What’s life without musings? Lazygeek’s post almost asks if there is god or not. While Amrit has a different kind of realization. But perhaps we need to wait for our realizations. You think relationships are going to the dogs? Well, here’s some proof! Nilu, in his angst, asks if people can still talk to their ex-girl/boy friends after breaking up. Vivek, meanwhile, talks cricket (can there be a desi blogmela without cricket musings?).
The stomach beckons us. Rahul (who hasn’t activated permalinks on his blog) writes magically about his search for burger perfection, while Rhyncus has this fantastic post about food at my kind of a restaurant. Thanksgiving is a while away, but Sujatha makes us really hungry. But isn’t music the food of love? If you ever felt guilty defending rock music, there’s no need. Here’s one of Abhishek’s poems. Patrix, on the other hand, isn’t too lucky with music. Ash gets extremely nostalgic when she hears a CD sent by her dad. Carnatic music aficionados, on the other hand, have something to cheer, with what appears to be another excellent book on composers and traditions.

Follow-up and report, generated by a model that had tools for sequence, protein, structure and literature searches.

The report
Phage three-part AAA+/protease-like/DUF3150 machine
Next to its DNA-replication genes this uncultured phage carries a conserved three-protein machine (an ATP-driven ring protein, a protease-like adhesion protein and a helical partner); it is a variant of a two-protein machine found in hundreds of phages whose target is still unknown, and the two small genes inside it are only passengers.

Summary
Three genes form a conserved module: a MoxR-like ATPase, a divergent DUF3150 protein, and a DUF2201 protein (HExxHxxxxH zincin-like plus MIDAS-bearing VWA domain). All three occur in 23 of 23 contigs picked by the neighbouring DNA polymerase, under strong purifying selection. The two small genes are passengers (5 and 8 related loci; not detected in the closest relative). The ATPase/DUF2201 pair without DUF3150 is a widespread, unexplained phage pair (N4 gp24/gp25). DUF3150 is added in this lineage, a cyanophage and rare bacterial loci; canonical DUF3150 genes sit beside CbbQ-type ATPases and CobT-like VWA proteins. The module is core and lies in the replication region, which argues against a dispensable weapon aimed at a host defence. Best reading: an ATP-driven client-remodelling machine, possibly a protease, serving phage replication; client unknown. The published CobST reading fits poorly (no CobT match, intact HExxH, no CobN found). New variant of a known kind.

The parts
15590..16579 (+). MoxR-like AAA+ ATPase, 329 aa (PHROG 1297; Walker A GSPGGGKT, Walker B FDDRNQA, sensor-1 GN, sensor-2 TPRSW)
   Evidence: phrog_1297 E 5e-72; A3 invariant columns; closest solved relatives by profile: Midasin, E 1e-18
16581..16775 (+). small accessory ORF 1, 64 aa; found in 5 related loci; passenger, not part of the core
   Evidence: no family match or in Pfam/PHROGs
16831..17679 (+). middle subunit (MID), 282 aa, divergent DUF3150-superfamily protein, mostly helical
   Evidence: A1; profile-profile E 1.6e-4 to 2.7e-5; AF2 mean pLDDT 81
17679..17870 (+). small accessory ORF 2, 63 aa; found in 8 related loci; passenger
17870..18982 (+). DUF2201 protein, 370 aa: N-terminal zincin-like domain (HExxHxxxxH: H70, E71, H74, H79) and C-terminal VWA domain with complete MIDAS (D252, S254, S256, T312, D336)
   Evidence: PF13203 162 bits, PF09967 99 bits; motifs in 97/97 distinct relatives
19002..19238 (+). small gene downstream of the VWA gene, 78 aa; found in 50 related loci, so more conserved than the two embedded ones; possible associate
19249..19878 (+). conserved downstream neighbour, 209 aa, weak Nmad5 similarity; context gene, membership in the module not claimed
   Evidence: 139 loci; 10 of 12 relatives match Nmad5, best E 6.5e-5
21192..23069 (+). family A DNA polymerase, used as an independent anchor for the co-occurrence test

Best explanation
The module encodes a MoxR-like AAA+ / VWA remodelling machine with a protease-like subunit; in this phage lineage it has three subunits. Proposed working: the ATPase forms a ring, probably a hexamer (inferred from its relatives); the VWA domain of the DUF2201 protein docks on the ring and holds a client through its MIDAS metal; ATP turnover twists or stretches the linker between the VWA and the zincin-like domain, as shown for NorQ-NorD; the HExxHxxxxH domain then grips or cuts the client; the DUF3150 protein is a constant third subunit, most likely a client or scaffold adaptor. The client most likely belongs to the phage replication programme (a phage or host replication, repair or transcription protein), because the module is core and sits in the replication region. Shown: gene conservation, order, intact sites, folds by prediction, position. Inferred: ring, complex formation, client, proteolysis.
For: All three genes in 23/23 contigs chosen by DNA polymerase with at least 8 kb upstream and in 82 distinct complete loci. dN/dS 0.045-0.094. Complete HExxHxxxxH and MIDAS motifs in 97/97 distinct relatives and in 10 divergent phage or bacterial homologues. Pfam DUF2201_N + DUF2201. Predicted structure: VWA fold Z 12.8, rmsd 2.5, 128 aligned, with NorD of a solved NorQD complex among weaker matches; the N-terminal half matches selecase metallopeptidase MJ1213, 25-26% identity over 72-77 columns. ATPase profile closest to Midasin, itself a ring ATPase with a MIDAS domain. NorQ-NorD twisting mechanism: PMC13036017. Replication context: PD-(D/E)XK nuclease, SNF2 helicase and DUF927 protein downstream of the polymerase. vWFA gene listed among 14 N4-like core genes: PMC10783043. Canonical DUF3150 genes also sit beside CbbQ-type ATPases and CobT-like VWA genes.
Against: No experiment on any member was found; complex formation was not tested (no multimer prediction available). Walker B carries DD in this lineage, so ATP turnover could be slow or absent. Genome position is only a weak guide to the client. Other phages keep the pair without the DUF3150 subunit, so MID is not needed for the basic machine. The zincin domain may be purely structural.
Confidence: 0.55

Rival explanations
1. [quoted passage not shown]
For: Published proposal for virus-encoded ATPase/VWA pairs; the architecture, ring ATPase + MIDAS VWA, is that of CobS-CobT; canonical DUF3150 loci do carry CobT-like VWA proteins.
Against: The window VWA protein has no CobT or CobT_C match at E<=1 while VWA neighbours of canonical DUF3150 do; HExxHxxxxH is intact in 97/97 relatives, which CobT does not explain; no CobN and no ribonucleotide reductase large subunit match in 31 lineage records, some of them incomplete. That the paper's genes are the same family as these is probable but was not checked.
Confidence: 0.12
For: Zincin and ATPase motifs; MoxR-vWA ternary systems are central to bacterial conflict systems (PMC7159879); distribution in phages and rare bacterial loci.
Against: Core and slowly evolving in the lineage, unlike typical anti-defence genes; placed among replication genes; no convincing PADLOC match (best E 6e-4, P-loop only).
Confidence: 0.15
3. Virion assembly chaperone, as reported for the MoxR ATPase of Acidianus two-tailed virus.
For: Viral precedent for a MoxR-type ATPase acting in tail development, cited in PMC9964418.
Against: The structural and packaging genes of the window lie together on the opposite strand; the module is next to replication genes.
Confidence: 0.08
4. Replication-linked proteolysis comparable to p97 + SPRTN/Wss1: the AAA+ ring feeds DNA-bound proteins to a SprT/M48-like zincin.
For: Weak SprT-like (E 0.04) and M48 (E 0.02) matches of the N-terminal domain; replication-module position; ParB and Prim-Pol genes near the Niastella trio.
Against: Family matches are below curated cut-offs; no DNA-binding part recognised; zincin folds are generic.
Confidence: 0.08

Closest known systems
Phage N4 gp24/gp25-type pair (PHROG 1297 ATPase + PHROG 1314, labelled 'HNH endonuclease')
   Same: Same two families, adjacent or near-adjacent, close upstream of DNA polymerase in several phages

To me, the most significant aspect of air travel is the food. But take a look at Prufrock’s story. Gaurav meanwhile mesmerizes you with ants, while Richa reminds us about our best friend. What did you do at work today? Dream about a lazy weekend? Dheeraj finally learns to work.
We’re stuck with GWB, but at least there’s some humor in Bush bashing.